Differential effects of TR ligands on hormone dissociation rates: Evidence for multiple ligand entry/exit pathways

Suzana T. Cunha Lima, Ngoc Ha Nguyen, Marie Togashi, James W. Apriletti, Phuong Nguyen, Igor Polikarpov, Thomas S. Scanlan, John D. Baxter, Paul Webb

Research output: Contribution to journalArticlepeer-review

4 Scopus citations


Some nuclear receptor (NR) ligands promote dissociation of radiolabeled bound hormone from the buried ligand binding cavity (LBC) more rapidly than excess unlabeled hormone itself. This result was interpreted to mean that challenger ligands bind allosteric sites on the LBD to induce hormone dissociation, and recent findings indicate that ligands bind weakly to multiple sites on the LBD surface. Here, we show that a large fraction of thyroid hormone receptor (TR) ligands promote rapid dissociation (T1/2 < 2 h) of radiolabeled T3 vs. T3 (T1/2 ≈ 5-7 h). We cannot discern relationships between this effect and ligand size, activity or affinity for TRβ. One ligand, GC-24, binds the TR LBC and (weakly) to the TRβ-LBD surface that mediates dimer/heterodimer interaction, but we cannot link this interaction to rapid T3 dissociation. Instead, several lines of evidence suggest that the challenger ligand must interact with the buried LBC to promote rapid T3 release. Since previous molecular dynamics simulations suggest that TR ligands leave the LBC by several routes, we propose that a subset of challenger ligands binds and stabilizes a partially unfolded intermediate state of TR that arises during T3 release and that this effect enhances hormone dissociation.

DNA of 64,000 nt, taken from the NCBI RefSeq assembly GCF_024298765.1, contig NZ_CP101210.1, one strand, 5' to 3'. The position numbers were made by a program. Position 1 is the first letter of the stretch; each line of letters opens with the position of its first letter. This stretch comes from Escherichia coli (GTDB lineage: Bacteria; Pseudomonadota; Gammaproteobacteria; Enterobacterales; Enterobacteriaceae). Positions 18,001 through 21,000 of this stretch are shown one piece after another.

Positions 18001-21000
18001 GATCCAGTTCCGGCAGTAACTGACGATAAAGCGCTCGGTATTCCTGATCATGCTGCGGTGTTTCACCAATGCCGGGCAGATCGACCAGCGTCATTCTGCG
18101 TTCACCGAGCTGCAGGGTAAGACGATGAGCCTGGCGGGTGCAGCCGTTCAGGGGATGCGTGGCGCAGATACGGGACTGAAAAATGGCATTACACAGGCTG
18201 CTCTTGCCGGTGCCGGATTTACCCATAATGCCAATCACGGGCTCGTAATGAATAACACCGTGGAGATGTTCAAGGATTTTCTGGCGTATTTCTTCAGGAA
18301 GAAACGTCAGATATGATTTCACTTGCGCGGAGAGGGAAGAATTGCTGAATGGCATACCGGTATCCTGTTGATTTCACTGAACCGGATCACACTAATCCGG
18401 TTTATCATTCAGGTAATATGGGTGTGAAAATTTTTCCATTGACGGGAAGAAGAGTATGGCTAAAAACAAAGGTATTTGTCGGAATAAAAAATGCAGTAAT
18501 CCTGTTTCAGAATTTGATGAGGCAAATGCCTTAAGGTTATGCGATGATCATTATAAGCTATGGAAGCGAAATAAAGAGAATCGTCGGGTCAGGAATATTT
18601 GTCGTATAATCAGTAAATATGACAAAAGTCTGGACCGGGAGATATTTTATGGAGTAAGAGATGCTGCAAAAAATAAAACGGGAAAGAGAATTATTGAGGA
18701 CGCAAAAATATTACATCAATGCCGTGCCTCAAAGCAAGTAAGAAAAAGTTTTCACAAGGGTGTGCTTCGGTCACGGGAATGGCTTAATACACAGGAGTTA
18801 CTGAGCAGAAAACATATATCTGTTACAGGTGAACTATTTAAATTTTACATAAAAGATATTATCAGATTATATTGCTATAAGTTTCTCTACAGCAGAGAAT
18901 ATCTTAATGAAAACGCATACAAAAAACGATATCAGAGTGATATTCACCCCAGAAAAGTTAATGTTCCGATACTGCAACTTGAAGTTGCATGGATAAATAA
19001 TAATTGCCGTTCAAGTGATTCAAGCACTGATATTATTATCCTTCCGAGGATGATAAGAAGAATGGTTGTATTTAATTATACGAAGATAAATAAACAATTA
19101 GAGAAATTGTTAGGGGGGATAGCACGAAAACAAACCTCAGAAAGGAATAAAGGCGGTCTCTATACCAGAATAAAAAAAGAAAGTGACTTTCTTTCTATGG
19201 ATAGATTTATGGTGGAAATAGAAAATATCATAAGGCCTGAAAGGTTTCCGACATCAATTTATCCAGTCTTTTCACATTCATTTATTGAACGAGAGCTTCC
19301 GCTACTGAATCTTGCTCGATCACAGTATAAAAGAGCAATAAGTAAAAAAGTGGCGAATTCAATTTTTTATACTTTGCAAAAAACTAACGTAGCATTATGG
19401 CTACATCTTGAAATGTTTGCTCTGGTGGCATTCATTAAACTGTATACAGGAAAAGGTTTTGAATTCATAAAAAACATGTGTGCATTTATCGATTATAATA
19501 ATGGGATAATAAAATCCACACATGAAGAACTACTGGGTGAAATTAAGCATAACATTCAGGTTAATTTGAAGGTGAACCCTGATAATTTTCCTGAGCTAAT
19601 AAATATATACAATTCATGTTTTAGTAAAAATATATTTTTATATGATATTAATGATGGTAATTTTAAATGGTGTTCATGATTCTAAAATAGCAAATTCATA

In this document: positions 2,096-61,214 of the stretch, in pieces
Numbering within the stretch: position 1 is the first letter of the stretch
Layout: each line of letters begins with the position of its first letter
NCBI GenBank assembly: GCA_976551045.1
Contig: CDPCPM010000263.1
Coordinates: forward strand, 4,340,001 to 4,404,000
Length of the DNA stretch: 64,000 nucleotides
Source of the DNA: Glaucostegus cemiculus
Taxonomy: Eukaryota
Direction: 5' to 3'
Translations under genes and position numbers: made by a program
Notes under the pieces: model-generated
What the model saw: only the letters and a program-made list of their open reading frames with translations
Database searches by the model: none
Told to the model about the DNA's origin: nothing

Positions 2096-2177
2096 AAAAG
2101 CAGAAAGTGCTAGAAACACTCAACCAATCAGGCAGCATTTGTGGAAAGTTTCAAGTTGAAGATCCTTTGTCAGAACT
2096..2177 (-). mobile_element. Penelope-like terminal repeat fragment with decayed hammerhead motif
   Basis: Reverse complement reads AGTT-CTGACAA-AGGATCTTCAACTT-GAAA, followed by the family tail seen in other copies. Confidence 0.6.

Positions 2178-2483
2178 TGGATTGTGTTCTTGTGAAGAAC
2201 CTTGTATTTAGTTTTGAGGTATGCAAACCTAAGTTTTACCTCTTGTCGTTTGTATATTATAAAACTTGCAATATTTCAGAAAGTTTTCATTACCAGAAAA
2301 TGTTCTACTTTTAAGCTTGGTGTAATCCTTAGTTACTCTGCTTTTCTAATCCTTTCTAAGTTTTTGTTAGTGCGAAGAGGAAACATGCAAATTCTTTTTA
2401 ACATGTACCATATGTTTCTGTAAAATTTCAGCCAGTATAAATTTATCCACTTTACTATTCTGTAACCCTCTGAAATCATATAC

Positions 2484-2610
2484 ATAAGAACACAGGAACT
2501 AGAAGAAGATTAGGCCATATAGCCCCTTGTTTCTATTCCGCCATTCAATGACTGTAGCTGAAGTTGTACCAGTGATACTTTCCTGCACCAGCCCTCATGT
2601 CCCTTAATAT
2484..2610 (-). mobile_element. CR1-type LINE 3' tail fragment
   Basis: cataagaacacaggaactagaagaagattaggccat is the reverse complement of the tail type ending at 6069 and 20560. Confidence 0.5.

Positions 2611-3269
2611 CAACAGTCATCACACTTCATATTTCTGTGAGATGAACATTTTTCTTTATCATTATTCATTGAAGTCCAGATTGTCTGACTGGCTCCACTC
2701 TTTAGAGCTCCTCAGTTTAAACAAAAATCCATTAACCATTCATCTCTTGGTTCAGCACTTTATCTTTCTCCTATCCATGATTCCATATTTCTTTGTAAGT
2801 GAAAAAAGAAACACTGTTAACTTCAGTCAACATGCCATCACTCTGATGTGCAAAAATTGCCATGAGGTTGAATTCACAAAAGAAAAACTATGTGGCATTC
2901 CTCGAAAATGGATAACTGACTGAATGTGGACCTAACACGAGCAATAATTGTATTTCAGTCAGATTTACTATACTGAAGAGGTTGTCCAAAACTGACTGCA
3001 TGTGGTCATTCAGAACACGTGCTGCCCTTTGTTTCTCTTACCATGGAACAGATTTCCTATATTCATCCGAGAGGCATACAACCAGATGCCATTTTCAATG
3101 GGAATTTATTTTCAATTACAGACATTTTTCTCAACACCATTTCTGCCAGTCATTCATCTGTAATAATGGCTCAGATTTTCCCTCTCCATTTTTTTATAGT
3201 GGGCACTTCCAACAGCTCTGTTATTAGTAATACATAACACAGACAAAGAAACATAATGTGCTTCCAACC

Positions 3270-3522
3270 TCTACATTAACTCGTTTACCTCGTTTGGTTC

Original languageEnglish (US)
Pages (from-to)125-131
Number of pages7
JournalJournal of Steroid Biochemistry and Molecular Biology
Issue number4-5
StatePublished - Nov 2009


  • Dimerization
  • Kinetics
  • Ligand binding
  • Ligand dissociation
  • Selective modulator
  • Thyroid hormone receptor
  • Thyroxine
  • Triiodothyronine

ASJC Scopus subject areas

  • Endocrinology, Diabetes and Metabolism
  • Biochemistry
  • Molecular Medicine
  • Molecular Biology
  • Endocrinology
  • Clinical Biochemistry
  • Cell Biology


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